How a Trump Tweet Can Spark an Oil Breakout
There’s no shortage of distractions in this market.
But some of the recent conflict is starting to spill over into our turf. As tensions rise in the Middle East due to the chemical attack in Syria and an attempted missile strike on Saudi Arabia’s capital, commodity prices are starting to pop.
Some pros even feel that they are becoming more reliant on this rapid-fire news cycle…
“As analysts who deal primarily with supply and demand, we feel uneasy at present because the fundamental data are dominated by politics,” a Commerzbank report explains, via MarketWatch. “The current abundance of (bullish) news is forcing us into the unfamiliar role of a political observer.”
Politics isn’t our beat here at the Rude. But it’s tough to argue with these analysts. Just look at oil. The price of a barrel of crude jumped to three-year highs yesterday as Trump tweeted out threats of retaliation to Syria.
At the very beginning of the year, we noted how the financial media were blaming oil’s recent rebound on protests in Iran and tightening inventories. While these two factors certainly added fuel to the energy rally, the sparks that ignited oil’s comeback showed up in the market months earlier.
An impressive four-month comeback had already shot crude to gains of more than 30% by early January. Toward the very end of the third quarter, oil topped $50 a barrel for the first time since May 2017. As oil-related stocks posted their strongest trading week of the year, we took our cue to rotate into the sector.
The September oil comeback had turned into the catalyst for a new energy rally. When we compared the energy sector’s late 2017 run to the S&P 500, it wasn’t even close. The Energy Select Sector SPDR (NYSE:XLE) jumped more than 20% during the final four months of the year. The S&P was up a little more than 10% over the same timeframe. After correcting alongside the stock market in February, oil is once again beginning to outperform the averages.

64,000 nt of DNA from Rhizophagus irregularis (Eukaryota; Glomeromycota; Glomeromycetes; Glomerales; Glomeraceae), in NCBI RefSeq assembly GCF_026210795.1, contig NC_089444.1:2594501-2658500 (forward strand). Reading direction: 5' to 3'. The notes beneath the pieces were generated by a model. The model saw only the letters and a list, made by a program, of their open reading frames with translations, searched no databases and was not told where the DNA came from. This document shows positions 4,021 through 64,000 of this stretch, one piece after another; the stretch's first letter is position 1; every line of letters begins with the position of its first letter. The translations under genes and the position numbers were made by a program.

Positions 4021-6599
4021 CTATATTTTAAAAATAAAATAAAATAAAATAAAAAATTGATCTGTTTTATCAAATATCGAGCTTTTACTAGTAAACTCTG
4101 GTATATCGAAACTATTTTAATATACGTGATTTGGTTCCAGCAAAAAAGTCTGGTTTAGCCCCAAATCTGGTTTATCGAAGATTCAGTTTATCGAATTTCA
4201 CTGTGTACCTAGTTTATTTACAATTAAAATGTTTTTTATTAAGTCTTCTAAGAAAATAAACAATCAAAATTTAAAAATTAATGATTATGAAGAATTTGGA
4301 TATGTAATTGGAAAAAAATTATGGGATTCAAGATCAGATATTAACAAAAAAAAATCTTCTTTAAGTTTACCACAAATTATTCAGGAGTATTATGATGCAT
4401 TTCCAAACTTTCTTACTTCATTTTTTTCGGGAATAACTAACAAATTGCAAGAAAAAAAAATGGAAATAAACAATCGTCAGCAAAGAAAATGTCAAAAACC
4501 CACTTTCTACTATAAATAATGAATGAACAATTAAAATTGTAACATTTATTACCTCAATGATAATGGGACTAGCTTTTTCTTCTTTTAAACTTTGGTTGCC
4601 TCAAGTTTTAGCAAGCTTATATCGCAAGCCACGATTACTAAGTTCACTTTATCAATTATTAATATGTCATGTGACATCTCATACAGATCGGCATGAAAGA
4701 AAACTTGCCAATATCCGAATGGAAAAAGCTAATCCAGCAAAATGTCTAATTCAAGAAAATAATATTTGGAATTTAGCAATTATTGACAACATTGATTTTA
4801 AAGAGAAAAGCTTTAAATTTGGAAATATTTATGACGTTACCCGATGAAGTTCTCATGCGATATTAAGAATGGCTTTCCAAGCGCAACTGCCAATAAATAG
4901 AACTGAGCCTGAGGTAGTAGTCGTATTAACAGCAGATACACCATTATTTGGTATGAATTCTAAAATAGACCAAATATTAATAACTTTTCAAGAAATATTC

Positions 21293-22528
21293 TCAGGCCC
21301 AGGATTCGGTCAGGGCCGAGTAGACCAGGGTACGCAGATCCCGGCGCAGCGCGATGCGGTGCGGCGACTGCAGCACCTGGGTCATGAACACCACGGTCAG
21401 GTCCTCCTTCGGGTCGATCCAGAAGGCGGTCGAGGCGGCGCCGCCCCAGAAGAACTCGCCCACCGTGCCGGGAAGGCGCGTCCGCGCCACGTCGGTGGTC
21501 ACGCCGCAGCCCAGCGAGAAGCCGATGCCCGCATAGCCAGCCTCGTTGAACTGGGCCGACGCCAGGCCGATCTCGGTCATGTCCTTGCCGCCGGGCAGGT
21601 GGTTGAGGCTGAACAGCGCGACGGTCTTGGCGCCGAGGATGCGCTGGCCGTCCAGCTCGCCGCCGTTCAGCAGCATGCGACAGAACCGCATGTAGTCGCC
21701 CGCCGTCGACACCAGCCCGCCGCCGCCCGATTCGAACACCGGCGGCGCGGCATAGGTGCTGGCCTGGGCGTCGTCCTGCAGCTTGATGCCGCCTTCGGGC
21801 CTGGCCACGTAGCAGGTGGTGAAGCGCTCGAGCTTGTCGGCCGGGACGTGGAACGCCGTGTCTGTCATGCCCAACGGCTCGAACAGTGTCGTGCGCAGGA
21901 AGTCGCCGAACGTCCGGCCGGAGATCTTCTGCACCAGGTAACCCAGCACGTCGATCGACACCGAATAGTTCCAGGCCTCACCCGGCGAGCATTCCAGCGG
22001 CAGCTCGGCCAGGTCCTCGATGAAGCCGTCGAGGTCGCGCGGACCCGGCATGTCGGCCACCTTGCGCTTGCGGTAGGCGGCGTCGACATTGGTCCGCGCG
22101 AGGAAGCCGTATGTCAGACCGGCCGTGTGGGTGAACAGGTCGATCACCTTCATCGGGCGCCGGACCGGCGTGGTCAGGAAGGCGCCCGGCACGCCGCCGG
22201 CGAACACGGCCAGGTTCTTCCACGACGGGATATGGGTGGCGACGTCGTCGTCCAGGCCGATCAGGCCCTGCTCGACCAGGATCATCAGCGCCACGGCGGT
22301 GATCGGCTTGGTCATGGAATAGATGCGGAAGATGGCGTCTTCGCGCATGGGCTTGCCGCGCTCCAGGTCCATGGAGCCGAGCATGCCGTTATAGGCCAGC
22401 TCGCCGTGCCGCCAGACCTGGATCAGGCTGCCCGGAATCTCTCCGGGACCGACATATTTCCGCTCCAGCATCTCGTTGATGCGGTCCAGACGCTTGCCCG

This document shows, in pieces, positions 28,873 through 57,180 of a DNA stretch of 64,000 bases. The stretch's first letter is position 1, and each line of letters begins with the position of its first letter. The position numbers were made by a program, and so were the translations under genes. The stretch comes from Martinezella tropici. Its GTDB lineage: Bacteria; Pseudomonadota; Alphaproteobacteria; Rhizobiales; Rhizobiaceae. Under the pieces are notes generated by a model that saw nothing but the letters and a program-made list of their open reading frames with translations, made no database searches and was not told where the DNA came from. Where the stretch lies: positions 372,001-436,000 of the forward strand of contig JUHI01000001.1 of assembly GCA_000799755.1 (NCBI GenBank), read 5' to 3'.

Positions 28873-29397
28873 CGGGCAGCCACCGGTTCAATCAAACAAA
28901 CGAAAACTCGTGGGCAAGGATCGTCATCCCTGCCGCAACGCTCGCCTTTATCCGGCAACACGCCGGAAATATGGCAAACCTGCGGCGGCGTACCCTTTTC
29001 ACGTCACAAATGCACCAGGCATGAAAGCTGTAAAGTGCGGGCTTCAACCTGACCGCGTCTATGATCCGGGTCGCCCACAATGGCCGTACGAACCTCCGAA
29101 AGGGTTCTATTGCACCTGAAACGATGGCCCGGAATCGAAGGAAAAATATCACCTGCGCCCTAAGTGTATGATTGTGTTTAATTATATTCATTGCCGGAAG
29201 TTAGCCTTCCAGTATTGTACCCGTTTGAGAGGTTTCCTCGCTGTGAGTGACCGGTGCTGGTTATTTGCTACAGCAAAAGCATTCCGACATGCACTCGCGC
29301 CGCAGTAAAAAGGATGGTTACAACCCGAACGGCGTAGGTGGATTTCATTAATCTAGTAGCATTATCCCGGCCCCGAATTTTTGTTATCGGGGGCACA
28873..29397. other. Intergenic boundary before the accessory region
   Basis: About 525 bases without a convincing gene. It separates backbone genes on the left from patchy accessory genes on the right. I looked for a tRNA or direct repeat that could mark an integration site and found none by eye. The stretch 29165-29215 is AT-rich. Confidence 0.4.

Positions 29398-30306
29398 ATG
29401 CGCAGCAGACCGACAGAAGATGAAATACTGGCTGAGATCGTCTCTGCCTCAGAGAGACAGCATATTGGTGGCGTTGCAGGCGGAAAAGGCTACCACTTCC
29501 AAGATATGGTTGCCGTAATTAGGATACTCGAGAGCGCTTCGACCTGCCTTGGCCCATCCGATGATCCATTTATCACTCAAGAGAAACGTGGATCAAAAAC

Of course, no one wanted anything to do with oil stocks for most of 2017. Crude was slumping to new 52-week lows as recently as June, threatening to tumble into a new bear market. The energy sector was faring even worse as oil continued to slide.
Look how quickly the narrative has changed. Nine months ago, talking heads were discussing the end of oil. Now that the market is proving the status quo wrong, we’re seeing a burgeoning turnaround play mature into a new bull market.
You already had the chance to grab onto the Energy Select Sector SPDR as it snapped its 2017 downtrend. This week’s action in the energy sector is now offering up yet another shot at booking double-digit gains from the raging oil bull.
We also hopped onboard the oil services sector in January with our VanEck Vectors Oil Services ETF (NYSE:OIH) play. At the time, the comeback in oil services was accelerating. We were looking for a quick run into the $30 range. But the first quarter correction had other plans. After a quick reset, this play is back near breakeven for us and headed in the right direction.
The days of $100 oil are long gone. But as the energy comeback unfolds, we can “thank” a messy geopolitical picture for adding fuel to the rally’s fire.